n a corner of a typical urban shopping centre tucked away in Florida sits what looks like a tiny service lane way. Except behind the timber gates is an entry into another world.
Its been transformed into something else. A maze of pvc pipes run by a small pump and powered by goldfish is growing all kinds of aquaponic produce. Builder and designer Sahib Punjabi enthuses about aquaponics and especially Murray Hallam when we arrived to see his system.
Sahib reaches over and shakes Murray Hallam’s hand. “I want to teach this right around the world just like you do.” he says, “because thats the only way.”
Sahib has a hybrid mixture of floating raft and NFT running the length of this narrow corridor. An array of tote tanks line the side of the fence and from the ceiling dangle white pots growing a variety of herbs and lettuce. Visitors to his system delight in how he has managed to use every square foot of space to grow food. Any surplus of seedlings go outside and are planted in planter boxes around the car park that people are free to take home. Sahib sees aquaponics and permaculture as an excellent way to feed the planet.
“We live in a very difficult environment to grow food.” says Sahib who explains that although Florida has ideal weather for three to five months of the year, the rest of the season can either get too hot or too cold to grow food.
“Believe it or not we get frosts here and it can also get very wet here.” he says. “The soil is a challenge because its sand – most of it.”
Sahib has also tried organic soil gardening but abandoned this method after experiencing soil contamination during heavy rainfall.
So Sahib turned to other methods of growing fresh food and discovered aquaponics. His passion turned into studying everything he could find on the subject.
“My wife said – you’re crazy!” he laughs, but the desire to learn all he could only drove him on. “I felt like I taught myself a (university) degree in this subject!”
Sahibs choice of fish to use in aquaponics is Koi because they are trouble free and easy to grow. His entire system is powered by a tiny 60 Watt submersible pump.
“This is something I learnt from Murray Hallam.” he says. “I’m using only one third of that pump’s capacity. Fifty percent of the pump’s water, I’m feeding back into the 1000 gallon fish tank, so that’s creating some aeration.”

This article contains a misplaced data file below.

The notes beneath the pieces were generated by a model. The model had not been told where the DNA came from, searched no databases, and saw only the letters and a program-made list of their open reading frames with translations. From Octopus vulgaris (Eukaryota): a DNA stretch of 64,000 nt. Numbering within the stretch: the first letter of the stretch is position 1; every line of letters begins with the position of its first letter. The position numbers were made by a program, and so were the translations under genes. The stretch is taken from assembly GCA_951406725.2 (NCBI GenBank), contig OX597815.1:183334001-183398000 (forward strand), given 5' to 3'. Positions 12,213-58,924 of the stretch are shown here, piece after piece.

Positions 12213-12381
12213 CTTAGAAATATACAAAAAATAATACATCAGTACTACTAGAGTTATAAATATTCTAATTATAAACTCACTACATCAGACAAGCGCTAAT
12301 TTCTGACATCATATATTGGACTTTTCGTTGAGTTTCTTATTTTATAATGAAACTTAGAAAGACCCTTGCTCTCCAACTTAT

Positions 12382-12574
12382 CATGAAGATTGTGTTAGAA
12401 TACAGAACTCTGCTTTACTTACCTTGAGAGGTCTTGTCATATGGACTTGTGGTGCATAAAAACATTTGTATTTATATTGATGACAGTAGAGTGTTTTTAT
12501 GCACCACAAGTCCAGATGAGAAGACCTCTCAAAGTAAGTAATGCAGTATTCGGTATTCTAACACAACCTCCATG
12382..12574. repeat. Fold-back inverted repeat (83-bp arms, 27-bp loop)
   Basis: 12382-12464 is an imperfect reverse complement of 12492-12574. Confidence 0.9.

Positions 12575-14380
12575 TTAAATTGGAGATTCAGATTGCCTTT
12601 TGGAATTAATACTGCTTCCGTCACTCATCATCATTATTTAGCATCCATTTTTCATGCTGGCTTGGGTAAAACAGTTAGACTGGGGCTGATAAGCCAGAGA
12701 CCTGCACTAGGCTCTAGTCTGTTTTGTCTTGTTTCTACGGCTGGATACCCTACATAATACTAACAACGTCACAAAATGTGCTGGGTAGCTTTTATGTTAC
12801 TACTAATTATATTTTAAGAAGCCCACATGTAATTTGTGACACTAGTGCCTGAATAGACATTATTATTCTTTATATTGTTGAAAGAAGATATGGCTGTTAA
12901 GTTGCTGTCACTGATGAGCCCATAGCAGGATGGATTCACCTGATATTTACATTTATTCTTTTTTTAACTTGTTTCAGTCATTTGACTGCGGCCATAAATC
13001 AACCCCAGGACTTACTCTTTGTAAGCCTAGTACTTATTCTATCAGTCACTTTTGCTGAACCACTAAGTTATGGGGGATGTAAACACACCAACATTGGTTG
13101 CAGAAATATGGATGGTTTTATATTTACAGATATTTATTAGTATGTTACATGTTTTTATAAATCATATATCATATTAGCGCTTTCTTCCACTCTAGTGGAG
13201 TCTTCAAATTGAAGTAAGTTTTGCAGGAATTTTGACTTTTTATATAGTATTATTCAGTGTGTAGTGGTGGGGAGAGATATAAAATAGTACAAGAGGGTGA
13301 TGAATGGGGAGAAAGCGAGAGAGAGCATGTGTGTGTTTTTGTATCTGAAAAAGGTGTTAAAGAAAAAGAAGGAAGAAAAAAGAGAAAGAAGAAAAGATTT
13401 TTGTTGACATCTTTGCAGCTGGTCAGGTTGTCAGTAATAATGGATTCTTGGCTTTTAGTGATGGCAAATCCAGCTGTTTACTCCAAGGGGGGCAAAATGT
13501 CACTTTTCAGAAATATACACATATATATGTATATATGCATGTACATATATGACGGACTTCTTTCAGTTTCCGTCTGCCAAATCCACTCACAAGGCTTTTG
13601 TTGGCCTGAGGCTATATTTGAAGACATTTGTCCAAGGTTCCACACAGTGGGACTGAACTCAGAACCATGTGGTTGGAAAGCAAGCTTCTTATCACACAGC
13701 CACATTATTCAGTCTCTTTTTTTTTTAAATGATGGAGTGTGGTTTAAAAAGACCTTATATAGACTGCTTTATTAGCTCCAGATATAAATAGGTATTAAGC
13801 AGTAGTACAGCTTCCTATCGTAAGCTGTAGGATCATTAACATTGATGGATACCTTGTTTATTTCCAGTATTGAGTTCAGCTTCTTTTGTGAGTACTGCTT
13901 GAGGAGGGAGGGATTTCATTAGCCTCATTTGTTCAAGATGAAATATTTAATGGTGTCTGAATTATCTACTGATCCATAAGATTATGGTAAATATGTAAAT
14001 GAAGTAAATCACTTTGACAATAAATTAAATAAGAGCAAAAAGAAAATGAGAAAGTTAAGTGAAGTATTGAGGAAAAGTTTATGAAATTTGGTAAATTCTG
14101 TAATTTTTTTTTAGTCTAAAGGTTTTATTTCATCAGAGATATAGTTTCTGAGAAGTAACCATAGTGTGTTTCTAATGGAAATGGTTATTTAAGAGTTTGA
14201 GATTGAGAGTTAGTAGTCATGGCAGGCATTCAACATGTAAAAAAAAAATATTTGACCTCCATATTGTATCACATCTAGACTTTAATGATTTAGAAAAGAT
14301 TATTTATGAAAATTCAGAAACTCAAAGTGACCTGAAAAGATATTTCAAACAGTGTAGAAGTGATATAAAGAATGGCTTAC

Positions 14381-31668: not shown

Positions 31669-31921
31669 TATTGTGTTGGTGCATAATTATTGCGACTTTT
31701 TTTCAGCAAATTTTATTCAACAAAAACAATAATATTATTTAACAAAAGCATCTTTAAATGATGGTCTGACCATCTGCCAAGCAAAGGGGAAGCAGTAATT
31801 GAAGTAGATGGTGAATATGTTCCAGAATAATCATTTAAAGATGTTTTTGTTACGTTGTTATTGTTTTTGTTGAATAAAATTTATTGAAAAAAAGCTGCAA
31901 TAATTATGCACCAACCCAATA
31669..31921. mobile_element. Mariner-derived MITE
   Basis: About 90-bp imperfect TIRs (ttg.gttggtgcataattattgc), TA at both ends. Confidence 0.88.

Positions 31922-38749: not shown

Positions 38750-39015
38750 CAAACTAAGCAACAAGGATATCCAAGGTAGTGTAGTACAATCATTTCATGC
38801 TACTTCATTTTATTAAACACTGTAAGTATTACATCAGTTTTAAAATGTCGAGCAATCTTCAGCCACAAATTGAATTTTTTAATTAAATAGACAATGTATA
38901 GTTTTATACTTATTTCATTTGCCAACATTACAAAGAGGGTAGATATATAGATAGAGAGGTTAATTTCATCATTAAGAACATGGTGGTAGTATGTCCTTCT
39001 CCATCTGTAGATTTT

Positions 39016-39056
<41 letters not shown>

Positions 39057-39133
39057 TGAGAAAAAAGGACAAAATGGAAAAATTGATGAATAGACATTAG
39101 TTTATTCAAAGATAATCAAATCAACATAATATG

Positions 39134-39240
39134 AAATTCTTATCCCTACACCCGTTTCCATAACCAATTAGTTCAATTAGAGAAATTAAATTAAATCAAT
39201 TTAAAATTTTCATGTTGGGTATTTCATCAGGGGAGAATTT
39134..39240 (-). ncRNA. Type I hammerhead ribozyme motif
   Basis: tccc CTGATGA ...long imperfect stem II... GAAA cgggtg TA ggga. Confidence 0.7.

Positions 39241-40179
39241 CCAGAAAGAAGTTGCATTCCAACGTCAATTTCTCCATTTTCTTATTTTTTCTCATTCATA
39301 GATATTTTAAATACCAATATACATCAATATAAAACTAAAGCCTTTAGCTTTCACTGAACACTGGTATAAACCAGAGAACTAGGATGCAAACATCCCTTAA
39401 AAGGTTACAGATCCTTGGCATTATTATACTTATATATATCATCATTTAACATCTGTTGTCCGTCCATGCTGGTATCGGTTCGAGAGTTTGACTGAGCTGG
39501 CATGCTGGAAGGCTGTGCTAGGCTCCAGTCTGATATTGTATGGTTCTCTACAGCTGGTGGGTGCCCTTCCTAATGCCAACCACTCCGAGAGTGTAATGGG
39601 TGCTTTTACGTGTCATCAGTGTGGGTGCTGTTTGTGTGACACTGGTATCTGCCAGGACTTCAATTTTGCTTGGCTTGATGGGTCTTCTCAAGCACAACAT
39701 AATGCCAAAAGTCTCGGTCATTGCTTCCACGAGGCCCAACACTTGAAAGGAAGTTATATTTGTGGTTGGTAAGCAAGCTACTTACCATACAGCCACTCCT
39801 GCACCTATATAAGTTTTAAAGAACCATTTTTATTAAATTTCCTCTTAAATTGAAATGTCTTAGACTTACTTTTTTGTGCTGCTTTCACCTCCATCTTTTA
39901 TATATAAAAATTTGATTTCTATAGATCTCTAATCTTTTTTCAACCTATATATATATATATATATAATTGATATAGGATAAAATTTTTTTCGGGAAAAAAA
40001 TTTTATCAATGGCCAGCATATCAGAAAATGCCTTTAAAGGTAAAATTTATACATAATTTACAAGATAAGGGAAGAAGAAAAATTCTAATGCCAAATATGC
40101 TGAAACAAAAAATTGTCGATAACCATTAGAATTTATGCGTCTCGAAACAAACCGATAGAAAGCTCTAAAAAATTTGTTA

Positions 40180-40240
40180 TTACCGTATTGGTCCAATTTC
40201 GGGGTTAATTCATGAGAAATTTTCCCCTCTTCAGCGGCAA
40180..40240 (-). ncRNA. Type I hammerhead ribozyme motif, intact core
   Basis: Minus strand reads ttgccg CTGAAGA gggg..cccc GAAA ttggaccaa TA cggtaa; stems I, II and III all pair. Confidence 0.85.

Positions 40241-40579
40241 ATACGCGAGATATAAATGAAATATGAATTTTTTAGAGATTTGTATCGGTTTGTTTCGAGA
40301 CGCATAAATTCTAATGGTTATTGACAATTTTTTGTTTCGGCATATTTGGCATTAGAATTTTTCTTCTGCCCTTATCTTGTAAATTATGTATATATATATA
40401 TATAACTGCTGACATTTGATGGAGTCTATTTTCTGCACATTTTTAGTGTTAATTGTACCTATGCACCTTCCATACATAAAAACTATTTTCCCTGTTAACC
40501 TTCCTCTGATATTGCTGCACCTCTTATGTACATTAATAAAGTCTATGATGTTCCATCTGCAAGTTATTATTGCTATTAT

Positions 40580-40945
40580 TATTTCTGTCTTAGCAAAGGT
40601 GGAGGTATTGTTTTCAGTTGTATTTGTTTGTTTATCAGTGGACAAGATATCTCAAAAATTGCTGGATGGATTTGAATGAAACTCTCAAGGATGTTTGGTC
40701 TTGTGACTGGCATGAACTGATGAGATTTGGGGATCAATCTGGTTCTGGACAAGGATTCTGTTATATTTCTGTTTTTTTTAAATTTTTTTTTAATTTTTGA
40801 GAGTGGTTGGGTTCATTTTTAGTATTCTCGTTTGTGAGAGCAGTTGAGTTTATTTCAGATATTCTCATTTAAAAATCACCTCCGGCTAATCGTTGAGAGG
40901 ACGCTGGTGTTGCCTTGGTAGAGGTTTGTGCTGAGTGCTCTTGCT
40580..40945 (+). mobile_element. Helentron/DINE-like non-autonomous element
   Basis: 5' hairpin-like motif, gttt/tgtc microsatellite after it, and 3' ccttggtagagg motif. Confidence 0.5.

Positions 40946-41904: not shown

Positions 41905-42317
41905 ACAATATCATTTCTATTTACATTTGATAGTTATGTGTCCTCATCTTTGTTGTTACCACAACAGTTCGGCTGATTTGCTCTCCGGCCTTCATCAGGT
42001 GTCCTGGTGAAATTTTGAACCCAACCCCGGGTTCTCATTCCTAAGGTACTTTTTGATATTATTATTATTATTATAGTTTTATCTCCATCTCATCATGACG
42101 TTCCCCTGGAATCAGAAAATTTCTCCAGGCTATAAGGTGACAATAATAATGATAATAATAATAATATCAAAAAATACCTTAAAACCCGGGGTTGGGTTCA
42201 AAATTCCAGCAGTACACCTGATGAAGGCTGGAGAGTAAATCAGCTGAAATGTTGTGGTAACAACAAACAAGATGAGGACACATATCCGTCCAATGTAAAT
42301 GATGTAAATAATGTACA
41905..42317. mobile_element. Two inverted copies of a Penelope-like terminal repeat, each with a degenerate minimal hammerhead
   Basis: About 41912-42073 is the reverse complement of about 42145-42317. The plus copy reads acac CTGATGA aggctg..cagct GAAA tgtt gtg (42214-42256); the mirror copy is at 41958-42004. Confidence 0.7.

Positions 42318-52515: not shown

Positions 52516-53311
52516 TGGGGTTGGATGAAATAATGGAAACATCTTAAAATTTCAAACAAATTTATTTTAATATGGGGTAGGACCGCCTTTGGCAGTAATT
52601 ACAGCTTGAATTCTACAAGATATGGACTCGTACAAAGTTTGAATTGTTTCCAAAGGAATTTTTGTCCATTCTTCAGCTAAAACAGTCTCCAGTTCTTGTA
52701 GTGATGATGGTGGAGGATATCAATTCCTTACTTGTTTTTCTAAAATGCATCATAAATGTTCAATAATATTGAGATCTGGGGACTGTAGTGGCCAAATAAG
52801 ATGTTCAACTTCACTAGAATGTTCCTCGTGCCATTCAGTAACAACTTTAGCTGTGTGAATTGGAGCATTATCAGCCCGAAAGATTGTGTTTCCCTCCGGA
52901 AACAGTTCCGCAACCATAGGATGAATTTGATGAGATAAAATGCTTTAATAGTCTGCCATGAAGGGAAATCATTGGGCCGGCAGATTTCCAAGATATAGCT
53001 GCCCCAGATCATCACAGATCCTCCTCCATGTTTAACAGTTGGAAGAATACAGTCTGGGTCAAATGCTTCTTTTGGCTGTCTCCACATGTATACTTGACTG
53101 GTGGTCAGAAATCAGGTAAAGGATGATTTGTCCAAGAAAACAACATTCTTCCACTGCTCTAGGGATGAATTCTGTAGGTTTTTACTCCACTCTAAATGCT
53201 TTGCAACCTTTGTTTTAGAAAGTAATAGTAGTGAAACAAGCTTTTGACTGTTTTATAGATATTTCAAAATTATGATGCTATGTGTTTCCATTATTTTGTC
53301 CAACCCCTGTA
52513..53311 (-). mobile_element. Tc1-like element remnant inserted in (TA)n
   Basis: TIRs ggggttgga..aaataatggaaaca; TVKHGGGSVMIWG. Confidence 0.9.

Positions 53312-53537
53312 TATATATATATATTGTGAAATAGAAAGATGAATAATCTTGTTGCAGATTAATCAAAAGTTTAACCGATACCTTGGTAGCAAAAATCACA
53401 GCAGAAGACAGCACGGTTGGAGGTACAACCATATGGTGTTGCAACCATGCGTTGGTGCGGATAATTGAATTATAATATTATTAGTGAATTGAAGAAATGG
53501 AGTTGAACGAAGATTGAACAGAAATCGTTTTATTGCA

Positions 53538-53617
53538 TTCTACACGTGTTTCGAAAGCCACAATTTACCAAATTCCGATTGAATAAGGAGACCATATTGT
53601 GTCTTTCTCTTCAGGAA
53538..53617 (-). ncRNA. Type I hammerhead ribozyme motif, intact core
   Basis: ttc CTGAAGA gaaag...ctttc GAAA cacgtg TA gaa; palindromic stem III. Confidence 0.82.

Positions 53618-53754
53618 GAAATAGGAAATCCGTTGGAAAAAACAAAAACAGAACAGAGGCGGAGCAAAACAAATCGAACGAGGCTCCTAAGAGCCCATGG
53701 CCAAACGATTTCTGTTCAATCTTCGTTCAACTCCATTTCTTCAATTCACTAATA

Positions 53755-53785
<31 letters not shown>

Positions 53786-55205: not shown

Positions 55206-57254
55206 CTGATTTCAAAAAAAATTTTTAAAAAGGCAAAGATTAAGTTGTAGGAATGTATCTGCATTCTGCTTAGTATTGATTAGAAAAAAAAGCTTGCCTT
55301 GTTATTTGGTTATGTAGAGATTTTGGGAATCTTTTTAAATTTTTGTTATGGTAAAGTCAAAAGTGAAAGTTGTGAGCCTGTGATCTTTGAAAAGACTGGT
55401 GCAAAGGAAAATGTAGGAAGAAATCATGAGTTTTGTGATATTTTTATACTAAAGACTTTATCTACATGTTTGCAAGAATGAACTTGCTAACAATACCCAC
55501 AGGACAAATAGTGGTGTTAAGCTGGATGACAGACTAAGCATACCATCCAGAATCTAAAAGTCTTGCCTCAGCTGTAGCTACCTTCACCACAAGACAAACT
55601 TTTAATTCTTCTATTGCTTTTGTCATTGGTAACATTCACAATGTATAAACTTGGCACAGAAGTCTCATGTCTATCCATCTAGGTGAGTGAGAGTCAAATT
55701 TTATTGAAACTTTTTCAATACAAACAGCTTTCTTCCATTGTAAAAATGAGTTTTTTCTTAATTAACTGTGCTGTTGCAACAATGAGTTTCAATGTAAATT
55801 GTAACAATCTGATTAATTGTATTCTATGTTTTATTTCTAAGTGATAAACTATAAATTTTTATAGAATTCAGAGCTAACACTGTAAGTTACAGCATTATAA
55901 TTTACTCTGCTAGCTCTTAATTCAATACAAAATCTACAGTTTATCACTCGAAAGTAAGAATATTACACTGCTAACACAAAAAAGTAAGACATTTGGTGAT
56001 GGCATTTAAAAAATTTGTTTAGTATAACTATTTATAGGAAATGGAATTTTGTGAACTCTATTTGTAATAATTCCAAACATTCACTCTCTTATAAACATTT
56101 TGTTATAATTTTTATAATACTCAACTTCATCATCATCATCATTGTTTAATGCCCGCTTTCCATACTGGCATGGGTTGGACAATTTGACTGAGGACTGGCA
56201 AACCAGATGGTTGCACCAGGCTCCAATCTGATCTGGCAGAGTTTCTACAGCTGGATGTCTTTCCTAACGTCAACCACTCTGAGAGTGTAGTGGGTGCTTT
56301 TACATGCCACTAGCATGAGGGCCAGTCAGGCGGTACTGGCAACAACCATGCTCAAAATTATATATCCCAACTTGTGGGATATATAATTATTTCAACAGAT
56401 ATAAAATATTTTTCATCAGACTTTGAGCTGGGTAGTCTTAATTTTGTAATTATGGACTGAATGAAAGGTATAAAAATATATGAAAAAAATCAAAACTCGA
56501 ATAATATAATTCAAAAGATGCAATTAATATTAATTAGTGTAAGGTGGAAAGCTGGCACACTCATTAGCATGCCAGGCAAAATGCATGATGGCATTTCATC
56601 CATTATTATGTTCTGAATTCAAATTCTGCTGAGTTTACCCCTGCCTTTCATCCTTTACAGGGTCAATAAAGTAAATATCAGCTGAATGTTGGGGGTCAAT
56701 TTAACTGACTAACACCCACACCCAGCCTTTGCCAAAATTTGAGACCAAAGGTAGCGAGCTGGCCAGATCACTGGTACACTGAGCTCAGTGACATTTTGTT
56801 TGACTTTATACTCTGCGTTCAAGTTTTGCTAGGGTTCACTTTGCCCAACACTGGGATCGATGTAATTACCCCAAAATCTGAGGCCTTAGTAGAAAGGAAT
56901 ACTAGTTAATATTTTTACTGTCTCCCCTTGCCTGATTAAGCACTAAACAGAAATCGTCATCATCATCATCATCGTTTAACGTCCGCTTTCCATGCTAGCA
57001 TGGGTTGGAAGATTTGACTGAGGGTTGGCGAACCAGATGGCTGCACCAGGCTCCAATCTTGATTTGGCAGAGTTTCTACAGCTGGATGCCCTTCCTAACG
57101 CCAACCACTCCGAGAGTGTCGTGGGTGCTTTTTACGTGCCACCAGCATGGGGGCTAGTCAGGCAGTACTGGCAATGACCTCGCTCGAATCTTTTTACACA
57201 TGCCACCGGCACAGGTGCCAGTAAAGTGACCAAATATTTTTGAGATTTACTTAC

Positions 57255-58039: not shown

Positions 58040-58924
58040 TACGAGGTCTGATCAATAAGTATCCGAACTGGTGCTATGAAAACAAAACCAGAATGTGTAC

Good aeration is critical to supply adequate oxygen flow in keeping your fish alive. Water is pumped the length of the yard to header tanks where the water is trickled back through the network of nft pipes and floating raft beds, returning back to the main fish tank completing the cycle.
Four Systems powered by one pump!
This one pump actually supports four different types of aquaponics systems. Floating raft, NFT (Nutrient Film Technique) in those long pvc pipes, a wicking bed media system which allows Sahib to grow tomatoes, peppers and flowers in them and finally his vertical hanging pots system. By mixing his systems, Sahib feels he can take advantage of his fish solids to directly feed his wicking bed system and the heavier feeding plants like tomatoes that require more nutrient.
And yet even in this small space, Sahib feels he can add more hanging planters and incorporate other methods of growing food. Outside his main fish tank he has coco coir stuffed into concrete blocks so he can manually divert water to this system to grow plants outside his system like strawberries.
“In derelict space I have tried to create something that can feed a whole bunch of people.” he says.
Sahib looks back at his system and smiles, “Its not commercial – but it could be if I wanted it to be.”
Guest Post by Eco Films Australia – An independent production house based in Queensland’s Sunshine Coast, Australia.